He believes 9/11 was a conspiracy, that the world will end in 2012, and that Christianity was conceived in order to help politicians. He didn't vote in the 2010 midterm elections. Most Tea Party people, and Conservatives in general believe 9/11 has been genuinely portrayed, that the world won't end next year, and most are Christians. The same can be said of most Liberals.

He'd say things like "What is government if words have no meaning?" not "Cap and Trade is Crap and Tax." So it's beyond moronic to blame "vitriolic political atmosphere" for what this guy has done. And certainly the finger pointing against the Right is beyond stupid, as this guy wasn't even Conservative.

I don't think the gun control people, or the vitriol control people are trying to take advantage of this incident. They honestly believe that if handguns were harder to get, then psychos like Loughner would get a job at the cement factory and live productive, nonviolent lives. They honestly believe that Rush Limbaugh, Glenn Beck, and Sarah Palin control people, and make them do horrible, unspeakable things.

This guy refused to be a participant of a society, where there are multiple people with different views, cooperating yet competing together. But instead of turning into an introverted hermit, he attempted to inflict his twisted ideas on the rest of us. He didn't believe we had the right to disagree with him. He didn't believe we had the right to have a society without him. He didn't believe that other people have the right to live.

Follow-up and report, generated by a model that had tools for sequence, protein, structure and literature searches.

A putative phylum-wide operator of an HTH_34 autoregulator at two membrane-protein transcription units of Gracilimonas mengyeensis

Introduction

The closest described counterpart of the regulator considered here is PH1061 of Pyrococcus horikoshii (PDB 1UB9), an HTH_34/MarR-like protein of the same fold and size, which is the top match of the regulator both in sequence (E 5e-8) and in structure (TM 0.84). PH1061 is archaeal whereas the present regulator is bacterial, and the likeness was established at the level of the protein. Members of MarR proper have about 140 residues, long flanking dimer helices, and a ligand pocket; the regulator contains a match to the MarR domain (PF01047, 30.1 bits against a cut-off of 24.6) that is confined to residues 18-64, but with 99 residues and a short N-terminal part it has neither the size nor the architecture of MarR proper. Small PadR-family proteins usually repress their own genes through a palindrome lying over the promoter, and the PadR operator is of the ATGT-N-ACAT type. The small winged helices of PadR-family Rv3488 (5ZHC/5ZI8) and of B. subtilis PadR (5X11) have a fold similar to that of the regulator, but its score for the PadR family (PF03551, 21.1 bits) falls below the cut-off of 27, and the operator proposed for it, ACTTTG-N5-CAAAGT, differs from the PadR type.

And some Conservatives are pulling the same accusative crap, calling Loughner a "left-wing political radical." And if an Hispanic person had shot a Republican politician in Arizona, you can bet your sweet bippy that there'd be Right Wing voices screaming about the need for immigration reform, and how the atmosphere around SB 1070 fueled the violence.

I'll end with a counter argument/question to all these causality theories about Loughner and the Tea Party. If this "vitriolic atmosphere" is partially responsible for this murder, why is this the one incident? This is such a rare act. Some news outlets have tried to portray this as part of a string of violent acts, alluding to threats against politicians, and vandalizing of offices.

But murder is on another level. And if an "atmosphere" is to blame for one assassination attempt, doesn't it follow that there'd be more than one? Historians often blame the social and economic atmosphere of Weimar Germany for the rise of Hitler. But Hitler wasn't the only Nazi. An entire generation of Germans were angry and psychotic.

Nobody blames political atmosphere for John Hinckley or Lee Harvey Oswald. Even John Wilkes Booth, who had a distinct and clear political vendetta against Lincoln, gets the blame for the assassination, not the "vitriolic political atmosphere" surrounding the Civil War.

Hopefully, Loughner's will remain a singular event. Which is one positive to take from this thing, that we live in a country and a time where political violence is exceedingly rare and almost universally abhorred. Despite the abundance of vitriol.